I was told not to apply for a BSc. degree at the University of Manchester because mature students from access courses hadn’t previously been accepted. I applied anyway, was accepted and achieved a 2.1 (Hons) in biomedical sciences and went on to do a PhD in cell biology. I chose this degree because it wasn’t restricted to a single speciality, so as well as covering topics that I was interested in, including pharmacology, biochemistry, molecular biology, neurobiology and cell biology, I recognized that this would give me the chance to apply for a wider range of research positions in the future. Undertaking a degree and PhD with a growing family is difficult and you need to have a good support network, but having selected a career path I was interested in rather than falling into it meant this was a thoroughly enjoyable experience.

Science is like one big continuous puzzle and we are trying to solve just a little piece. Research is both exciting and challenging, but as a career choice it is actually very competitive, so you need to be dedicated and enthusiastic. Most importantly, you need to choose the right place for you and your research. Presently I am an academic fellow in the Leeds Institute of Cardiovascular and Metabolic Medicine at the University of Leeds. I am a cell biologist and I study how endothelial cells (specialised cells that line the blood vessels) maintain vascular health, focusing on molecular pathways that control blood clotting and inflammation. Hopefully one day we will be able to manipulate these cells in order to treat or prevent cardiovascular disease. Here, at the University of Leeds I am supported by a coach and a mentor as well as the Institute as a whole and this means that I get the best possible advice regarding my future progress.

I have been a scientific researcher for 11 years now and I didn’t even know what a gene was when I started. I would advise anyone with a passion for something to go for it at any age. Most people don’t know what they want to do in their teens and sometimes it takes a little life experience to show us the way.

Pam Jones - Professor of Biomedical Research (LIBACS)

I moved to Leeds at the end of 1996 and shortly after, obtained a University-funded tenure-track fellowship. At that time I was a single parent with a 4 year old. The flexibility of working within the research environment enabled me to successfully juggle the challenges of work, a child, school and a house. I had an informal `flexible working` arrangement, allowing me to occasionally attend primary school harvest festivals, nativity plays and the dreaded sports days. This was offset by doing work later in the evenings, which not only made full-time work feasible but provided the opportunity of doing ‘mum’ things too.

I could not afford to work part-time, so the degree of flexibility in my working life was invaluable. Indeed, many a student essay has been marked while sitting at the poolside through a junior training session or swimming gala!

One of my workplace values is that we all play our part as ‘citizens’ of the University. In this vein, I volunteered to take on the administrative role of postgraduate research tutor (PGRT) in the then Molecular Medicine Unit which later became Leeds Institute for Molecular Medicine. The Institute accounted for approximately 10% of the University’s registered research students. It was acknowledged that can be difficult to find volunteers for the PGRT role, however, it was pivotal to where my career then turned. In the 5 years performing in the role, I dealt with a range of challenging and tricky situations involving both students and supervisors. Two things resulted from this. Firstly, I realised I was capable of making a difference by finding acceptable resolutions to issues; and secondly, others realised that about me as well. As a result, I gained a good reputation outside my immediate working environment. The PGRT role afforded me that exposure to the broader Faculty and parts of the University.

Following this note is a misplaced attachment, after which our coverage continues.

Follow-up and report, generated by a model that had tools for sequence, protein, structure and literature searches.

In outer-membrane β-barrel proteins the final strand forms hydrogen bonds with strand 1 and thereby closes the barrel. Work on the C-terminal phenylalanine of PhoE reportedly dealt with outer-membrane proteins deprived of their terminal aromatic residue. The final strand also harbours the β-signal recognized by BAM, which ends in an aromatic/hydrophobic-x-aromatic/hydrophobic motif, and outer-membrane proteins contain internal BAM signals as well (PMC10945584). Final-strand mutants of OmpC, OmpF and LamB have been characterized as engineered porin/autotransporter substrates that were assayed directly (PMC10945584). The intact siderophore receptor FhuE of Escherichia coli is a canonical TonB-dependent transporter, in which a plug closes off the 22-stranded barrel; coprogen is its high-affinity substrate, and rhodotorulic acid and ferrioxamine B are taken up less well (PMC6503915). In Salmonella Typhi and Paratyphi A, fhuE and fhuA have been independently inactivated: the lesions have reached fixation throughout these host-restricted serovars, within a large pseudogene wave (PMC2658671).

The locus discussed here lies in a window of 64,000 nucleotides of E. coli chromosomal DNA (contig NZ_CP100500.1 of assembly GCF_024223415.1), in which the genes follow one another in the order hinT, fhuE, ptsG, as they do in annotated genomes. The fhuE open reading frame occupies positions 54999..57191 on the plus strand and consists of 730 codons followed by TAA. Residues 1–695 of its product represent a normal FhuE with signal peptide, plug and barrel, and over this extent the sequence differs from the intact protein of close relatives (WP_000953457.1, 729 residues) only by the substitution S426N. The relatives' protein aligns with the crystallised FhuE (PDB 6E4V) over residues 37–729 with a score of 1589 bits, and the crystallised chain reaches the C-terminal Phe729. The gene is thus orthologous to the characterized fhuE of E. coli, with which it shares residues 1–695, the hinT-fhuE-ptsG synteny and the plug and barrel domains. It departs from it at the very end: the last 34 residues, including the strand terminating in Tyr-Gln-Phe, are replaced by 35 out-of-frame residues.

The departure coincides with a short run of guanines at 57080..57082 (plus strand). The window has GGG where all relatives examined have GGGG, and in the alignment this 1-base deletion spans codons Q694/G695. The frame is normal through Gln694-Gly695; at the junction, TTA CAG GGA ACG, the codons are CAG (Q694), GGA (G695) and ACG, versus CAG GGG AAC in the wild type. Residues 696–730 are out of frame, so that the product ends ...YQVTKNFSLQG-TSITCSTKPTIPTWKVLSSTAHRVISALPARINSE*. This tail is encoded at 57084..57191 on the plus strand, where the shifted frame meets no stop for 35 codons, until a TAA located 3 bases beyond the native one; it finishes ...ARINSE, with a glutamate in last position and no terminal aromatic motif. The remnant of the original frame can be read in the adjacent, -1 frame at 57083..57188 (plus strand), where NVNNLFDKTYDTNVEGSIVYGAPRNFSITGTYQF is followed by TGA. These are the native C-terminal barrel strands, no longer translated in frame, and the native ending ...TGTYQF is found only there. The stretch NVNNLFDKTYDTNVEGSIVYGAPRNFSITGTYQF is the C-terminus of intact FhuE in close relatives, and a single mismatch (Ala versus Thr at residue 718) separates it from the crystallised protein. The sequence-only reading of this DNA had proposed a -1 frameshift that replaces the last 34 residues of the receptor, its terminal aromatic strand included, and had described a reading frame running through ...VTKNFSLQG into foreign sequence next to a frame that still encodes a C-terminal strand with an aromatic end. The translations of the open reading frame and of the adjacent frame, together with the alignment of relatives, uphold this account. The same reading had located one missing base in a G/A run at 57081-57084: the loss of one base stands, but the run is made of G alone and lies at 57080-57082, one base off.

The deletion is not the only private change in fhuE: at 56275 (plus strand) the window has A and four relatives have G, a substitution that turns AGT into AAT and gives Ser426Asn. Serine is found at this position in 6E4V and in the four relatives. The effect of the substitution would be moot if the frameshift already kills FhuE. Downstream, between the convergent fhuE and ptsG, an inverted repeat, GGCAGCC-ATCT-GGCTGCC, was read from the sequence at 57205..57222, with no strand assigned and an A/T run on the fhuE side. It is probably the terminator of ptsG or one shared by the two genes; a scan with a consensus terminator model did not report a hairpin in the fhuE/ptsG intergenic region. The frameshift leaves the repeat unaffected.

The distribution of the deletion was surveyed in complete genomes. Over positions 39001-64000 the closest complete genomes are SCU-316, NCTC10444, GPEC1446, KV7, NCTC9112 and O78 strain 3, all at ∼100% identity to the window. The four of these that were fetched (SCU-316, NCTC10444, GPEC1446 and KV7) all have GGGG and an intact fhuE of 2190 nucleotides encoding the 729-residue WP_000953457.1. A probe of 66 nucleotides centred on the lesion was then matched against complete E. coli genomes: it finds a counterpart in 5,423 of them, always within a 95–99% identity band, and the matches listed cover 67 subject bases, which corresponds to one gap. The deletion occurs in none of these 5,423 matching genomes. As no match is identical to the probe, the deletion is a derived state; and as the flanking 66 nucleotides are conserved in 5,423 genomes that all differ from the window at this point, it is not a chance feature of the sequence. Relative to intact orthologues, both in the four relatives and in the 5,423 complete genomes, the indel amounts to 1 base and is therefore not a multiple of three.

My reputation coupled with my interdisciplinary research interest put me on the radar for the Deputy Director post in the Biomedical & Health Research Centre (BHRC). Fortuitously, this was at exactly the right time; my son was then in his mid-teens and I was ready to focus more on my career. For a while I had been wondering about other jobs, however, as the sole breadwinner with a mortgage, I didn’t feel brave enough to leave the safety net of a University position and hadn`t wanted to pursue external opportunities. I was unsure I could deliver research at the highest level again which I found (and still find) frustrating, but more importantly, I started to realise I had a range of skills that were applicable outside the immediate research focus. The BHRC post was offered to me as a secondment that meant I could try something new and challenging without losing the security of my position.

It’s fair to say I haven’t looked back.

I then accepted the opportunity for a more central role in Leeds Institute for Molecular Medicine and led on much of the planning work when it was under `Review’, which led to the formation of four smaller Institutes. As a direct result of that, I was asked to lead a review of the research infrastructure in the School. I gained more exposure at Faculty level, working with the then ProDean, and a central group looking at similar issues across the University. During this time I obtained my Chair, which remains the one achievement that continues to make me smile!